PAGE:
“Next Generation Compliance” is the U.S. Environmental Protection Agency’s (EPA) signature initiative intended to increase compliance with environmental regulations by using advances in pollution monitoring and information technology and by more effectively using and designing regulations and permits to reduce pollution and enhance compliance. This column describes EPA’s initiative, discusses several examples of its applications in rulemakings and civil enforcement settlements, discusses another new compliance-related tool, eDisclosure, and outlines the implications for industry of these novel approaches to incentivizing compliance.
The U.S. Environmental Protection Agency (EPA) has made much of its “Next Generation Compliance” initiative, created “to increase compliance with environmental regulations by using advances in pollutant monitoring and information technology combined with a focus on designing more effective regulations and permits to reduce pollution.” This involves more effective regulations and permits that include built-in compliance mechanisms, such as continuous monitoring for stationary sources; advanced monitoring, including fence-line monitoring and infrared camera systems; greater transparency, including public availability of electronic data and third-party audits; and “innovative” enforcement, including incorporating these elements in administrative and judicial settlements and injunctive relief demands. This column briefly outlines these new initiatives so Chemical Processing readers can take advantage of these programs.
The U.S. Environmental Protection Agency (EPA) released on February 25, 2016, amendments to the accidental release prevention requirements of the Risk Management Programs (RMP) under the Clean Air Act Section 112(r)(7). This column summarizes this important proposed rule.
On July 31, 2014, EPA published a Request for Information (RFI) seeking information and data on potential revisions to its Clean Air Act (CAA) Risk Management Program (RMP) regulations and related programs. In the RFI, EPA asks for information on specific regulatory elements and on Occupational Safety and Health Administration (OSHA) Process Safety Management (PSM) approaches, the public and environmental health and safety risks they address, and the costs and burdens they may impose. This column explains why this RFI is critically important to the RMP and PSM programs and thus to Pollution Engineering readers.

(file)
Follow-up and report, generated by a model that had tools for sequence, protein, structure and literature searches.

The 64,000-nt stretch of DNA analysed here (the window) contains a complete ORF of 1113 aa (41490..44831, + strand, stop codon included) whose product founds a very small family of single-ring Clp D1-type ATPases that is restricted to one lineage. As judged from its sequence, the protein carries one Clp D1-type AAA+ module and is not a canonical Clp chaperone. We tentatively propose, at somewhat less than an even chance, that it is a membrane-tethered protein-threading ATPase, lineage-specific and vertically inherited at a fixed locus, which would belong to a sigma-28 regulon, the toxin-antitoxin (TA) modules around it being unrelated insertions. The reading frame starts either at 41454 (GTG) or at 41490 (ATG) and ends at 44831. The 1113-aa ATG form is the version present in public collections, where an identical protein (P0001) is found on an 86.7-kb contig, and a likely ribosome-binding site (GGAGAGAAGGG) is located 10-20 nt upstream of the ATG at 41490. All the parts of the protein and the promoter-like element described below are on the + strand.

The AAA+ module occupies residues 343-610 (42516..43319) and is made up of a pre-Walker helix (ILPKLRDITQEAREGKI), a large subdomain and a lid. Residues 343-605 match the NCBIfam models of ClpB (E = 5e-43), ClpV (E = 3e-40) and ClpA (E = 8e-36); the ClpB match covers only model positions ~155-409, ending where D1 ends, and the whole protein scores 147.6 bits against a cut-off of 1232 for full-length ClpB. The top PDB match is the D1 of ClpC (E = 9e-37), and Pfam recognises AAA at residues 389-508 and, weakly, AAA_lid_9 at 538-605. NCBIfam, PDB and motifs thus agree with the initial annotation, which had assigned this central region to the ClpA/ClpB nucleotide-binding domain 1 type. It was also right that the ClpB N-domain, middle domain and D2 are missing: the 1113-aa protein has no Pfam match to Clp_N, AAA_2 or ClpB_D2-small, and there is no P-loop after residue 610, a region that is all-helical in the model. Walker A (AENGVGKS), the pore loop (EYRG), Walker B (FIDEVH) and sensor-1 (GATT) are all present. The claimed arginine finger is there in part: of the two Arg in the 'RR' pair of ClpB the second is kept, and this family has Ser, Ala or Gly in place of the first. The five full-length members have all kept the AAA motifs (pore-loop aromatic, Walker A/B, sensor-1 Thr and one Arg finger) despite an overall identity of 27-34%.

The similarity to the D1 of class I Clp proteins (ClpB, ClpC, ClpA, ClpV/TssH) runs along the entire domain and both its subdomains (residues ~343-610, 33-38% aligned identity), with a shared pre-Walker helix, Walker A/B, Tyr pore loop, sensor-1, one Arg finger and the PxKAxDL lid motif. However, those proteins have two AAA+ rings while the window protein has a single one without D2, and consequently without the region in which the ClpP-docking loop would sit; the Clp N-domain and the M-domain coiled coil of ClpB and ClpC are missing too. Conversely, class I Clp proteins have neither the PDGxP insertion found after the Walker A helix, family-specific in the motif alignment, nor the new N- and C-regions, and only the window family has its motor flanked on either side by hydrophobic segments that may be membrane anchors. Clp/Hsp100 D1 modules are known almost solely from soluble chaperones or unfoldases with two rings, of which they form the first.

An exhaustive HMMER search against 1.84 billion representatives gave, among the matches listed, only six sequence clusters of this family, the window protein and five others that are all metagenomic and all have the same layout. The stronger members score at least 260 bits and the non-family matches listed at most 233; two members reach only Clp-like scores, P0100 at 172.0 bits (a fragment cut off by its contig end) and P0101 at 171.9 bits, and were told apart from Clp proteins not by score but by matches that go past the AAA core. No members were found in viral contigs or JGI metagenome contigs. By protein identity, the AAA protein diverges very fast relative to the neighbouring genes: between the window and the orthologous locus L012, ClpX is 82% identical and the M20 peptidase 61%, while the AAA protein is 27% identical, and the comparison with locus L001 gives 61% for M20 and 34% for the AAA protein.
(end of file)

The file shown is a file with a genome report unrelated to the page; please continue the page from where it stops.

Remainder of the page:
The EPA's Office of Air Quality Planning and Standards (OAQPS) has concluded that there is adequate evidence for lowering the existing National Ambient Air Quality Standard (NAAQS) for ozone (O3) from 75 parts per billion to between 70 ppb and 60 ppb. The recommendation is found in a 600 page long Policy Assessment for the Review of the Ozone National Ambient Air Quality Standards, issued on Aug. 29, 2014.
On June 2, 2014, the U.S. Environmental Protection Agency (EPA) issued an ambitious and likely contentious rule to diminish significantly the United States’ contribution to greenhouse gases (GHG). The rule is proposed under the authority of the Clean Air Act (CAA) and takes direct aim at the coal industry by requiring a 30 percent reduction in carbon dioxide (CO2) emissions from existing fossil fuel-fired power plants by 2030, using 2005 as the baseline year. This column summarizes key aspects of the rule and its implications for Pollution Engineering readers.
President Obama won a decisive victory on November 6, 2012, and the forecast for the next four years is clearer now than it was pre-election. This Washington Watch column offers some preliminary observations on what lies ahead for domestic environmental management issues at the legislative and regulatory levels.
The U.S. Environmental Protection Agency (EPA) reports that more than 200,000 boilers, process heaters and incinerators will be impacted by a set of Clean Air Act regulations issued on February 21, 2011. Since EPA first proposed the Maximum Achievable Control Technology (MACT) rules in April 2010, several industry sectors have argued the costs of implementing the rules would pose an unreasonable burden on businesses. In response to this criticism, EPA revised the rules in a manner that it believes cuts the cost of implementation by about 50%.
On June 3, 2010, the U.S. Environmental Protection Agency (EPA) issued a final rule addressing greenhouse gas (GHG) emissions from stationary sources under the Clean Air Act (CAA). This controversial rule set thresholds for GHG emissions that define when permits under the New Source Review Prevention of Significant Deterioration (PSD) and Title V operating permit programs are required for new and existing industrial facilities.
EPA has put itself on the path toward greenhouse gas regulation, but in Congress, the courts, and the international community, the debate rages on. On Dec. 7, 2009, EPA moved one step closer to imposing the first ever set of enforceable greenhouse gas (GHG) standards on tailpipe emissions from vehicles, and a requirement that large power plants and industrial emitters install best available control technology (BACT) to reduce emissions.